Daily Maintenance

Nature as Self Care

The Restorative Power of Nature as Self-Care:

A Perspective through Central Federal Socialist Theory

By: James Fitzgerald (with significant assistance of Chat GPT)

Greetings, Visitor,

In an ever-evolving world where technological advancement constantly intersects with our daily lives, nature remains an enduring beacon of solace and healing. The intrinsic value of nature, often overlooked amidst the rapid urbanization of our societies, offers us more than just aesthetic pleasures. It extends a profound opportunity for self-care, allowing us to nourish our mental, emotional, and physical well-being. This perspective, holds even more relevance as we explore the collective right of communities to experience and benefit from the healing embrace of nature.

1. Nature and the Individual

At the heart of self-care is the individual. Just as socialism emphasizes meeting individual needs through collective efforts, nature provides for individuals in a manner that supports the broader well-being of the community. Spending time in nature has been shown to reduce cortisol levels, a primary stress hormone [1]. Nature not only soothes our over-stimulated senses but also grounds us, reminding us of our inherent connection to the Earth.

Nature immersion, such as forest bathing (or ‘Shinrin-Yoku’ in Japanese culture), allows for introspection and relaxation. The simple act of walking amidst trees, feeling the texture of leaves, or listening to a babbling brook can act as a form of mindfulness meditation [2]. For someone who practices meditation and values mindfulness, nature provides a vast, open canvas for practice and growth.

2. Nature and the Community

Central to socialist theory is the concept of collective welfare, where individual benefit dovetails with community advantage. Public parks, green spaces, and nature reserves are crucial in this context. They act as collective assets, accessible and beneficial to all. In cities, these spaces are vital for communal gatherings, recreation, and, most importantly, for the mental well-being of its residents.

Furthermore, advocating for the preservation of these spaces is a form of activism, aligning with the broader goals of ensuring every individual’s right to a healthy environment. When we care for nature, we are not just caring for ourselves but ensuring that future generations have the same opportunities for restoration and reflection.

3. Nature and Socioeconomic Equality

A social perspective underscores the importance of equitable resource distribution. Sadly, nature, an essential resource, isn’t always equitably accessible. Urban neighborhoods, especially in low-income areas, often lack sufficient green spaces [3]. This lack exacerbates health disparities, as these communities miss out on the therapeutic benefits of nature.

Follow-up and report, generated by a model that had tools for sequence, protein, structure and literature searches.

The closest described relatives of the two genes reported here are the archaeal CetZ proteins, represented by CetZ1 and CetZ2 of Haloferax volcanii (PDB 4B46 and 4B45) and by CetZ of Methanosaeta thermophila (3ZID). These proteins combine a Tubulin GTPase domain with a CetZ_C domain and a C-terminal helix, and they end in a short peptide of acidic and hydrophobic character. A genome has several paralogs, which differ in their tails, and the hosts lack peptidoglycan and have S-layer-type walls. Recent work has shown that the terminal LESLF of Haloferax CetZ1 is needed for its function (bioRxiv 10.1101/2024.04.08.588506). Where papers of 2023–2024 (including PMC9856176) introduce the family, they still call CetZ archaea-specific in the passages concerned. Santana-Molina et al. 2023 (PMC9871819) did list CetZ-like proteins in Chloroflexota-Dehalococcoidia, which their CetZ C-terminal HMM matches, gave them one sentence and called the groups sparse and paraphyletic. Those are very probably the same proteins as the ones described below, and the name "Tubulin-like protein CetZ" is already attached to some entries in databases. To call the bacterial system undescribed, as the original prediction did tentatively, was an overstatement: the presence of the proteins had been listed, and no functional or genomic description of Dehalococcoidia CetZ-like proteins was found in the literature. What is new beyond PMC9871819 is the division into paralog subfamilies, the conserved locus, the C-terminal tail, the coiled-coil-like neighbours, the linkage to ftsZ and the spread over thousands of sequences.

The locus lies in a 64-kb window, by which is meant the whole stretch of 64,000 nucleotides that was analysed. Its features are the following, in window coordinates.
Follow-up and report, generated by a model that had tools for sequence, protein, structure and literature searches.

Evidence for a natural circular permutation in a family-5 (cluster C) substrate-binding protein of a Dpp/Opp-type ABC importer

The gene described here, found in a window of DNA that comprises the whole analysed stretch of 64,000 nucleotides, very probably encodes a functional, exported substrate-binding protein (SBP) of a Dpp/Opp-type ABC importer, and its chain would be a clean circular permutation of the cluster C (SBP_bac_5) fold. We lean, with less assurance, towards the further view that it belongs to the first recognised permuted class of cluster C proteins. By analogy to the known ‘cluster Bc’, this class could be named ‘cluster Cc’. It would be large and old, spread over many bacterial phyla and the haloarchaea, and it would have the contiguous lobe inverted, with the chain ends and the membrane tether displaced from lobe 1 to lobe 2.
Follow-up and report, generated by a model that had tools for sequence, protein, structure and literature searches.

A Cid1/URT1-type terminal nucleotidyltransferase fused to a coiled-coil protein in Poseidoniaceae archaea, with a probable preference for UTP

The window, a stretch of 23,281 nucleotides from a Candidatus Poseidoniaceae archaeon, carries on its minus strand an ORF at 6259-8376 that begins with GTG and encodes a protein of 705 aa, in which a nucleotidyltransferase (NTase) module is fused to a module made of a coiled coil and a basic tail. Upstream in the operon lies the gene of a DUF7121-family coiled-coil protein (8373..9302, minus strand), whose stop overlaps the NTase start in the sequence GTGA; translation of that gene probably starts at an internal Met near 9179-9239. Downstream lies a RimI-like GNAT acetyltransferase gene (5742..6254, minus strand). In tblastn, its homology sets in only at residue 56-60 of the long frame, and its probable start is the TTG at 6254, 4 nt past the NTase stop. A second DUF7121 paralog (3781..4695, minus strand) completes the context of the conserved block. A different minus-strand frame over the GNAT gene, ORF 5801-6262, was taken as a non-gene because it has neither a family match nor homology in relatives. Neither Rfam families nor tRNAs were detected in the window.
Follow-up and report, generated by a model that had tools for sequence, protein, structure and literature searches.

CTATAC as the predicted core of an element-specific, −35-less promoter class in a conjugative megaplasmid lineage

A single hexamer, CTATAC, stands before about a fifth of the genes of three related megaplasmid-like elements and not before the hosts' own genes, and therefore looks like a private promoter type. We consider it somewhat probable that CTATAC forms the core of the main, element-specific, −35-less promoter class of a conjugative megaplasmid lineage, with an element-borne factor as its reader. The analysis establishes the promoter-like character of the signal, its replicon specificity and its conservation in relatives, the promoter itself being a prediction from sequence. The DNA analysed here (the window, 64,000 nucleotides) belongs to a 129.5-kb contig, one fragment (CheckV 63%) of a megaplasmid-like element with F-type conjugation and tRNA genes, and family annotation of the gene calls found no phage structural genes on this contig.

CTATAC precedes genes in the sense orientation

Ensuring every individual’s right to access nature, irrespective of socioeconomic status, must be a priority. It is not just about creating parks but ensuring that they are maintained, safe, and easily accessible. This equity in access underscores the socialist ideal of shared resources and collective benefits.

4. Nature as a Reflection of Holistic Wellness

My passion for health, wellness, and coaching is a testament to the understanding that well-being is multifaceted. Nature enhances physical health through activities like hiking, swimming, or simply walking. It promotes mental health by offering a respite from the digital world and reducing anxiety and depression. Moreover, for many, it serves spiritual needs, providing a space for reflection, connection, and a deeper understanding of one’s place in the larger tapestry of life.


In conclusion, nature stands as one of the most profound yet accessible tools for self-care. Its restorative power, when viewed through the lens of biosocial theories, emphasizes the importance of collective well-being, where every individual, regardless of their background, has an equitable right to nature’s healing embrace.

It’s imperative, especially for me, to champion the preservation and accessibility of natural spaces. As we move forward, let us remember that our care for nature is not just an act of self-preservation but a commitment to the broader community, ensuring that everyone, now and in the future, can experience the profound healing that nature offers.


[1]: Kaplan, S. (1995). The restorative benefits of nature: Toward an integrative framework. Journal of Environmental Psychology, 15(3), 169-182.

[2]: Park, B. J., Tsunetsugu, Y., Kasetani, T., Kagawa, T., & Miyazaki, Y. (2010). The physiological effects of Shinrin-yoku (taking in the forest atmosphere or forest bathing): evidence from field experiments in 24 forests across Japan. Environmental Health and Preventive Medicine, 15(1), 18-26.

[3]: Wolch, J. R., Byrne, J., & Newell, J. P. (2014). Urban green space, public health, and environmental justice: The challenge of making cities ‘just green enough’. Landscape and Urban Planning, 125, 234-244.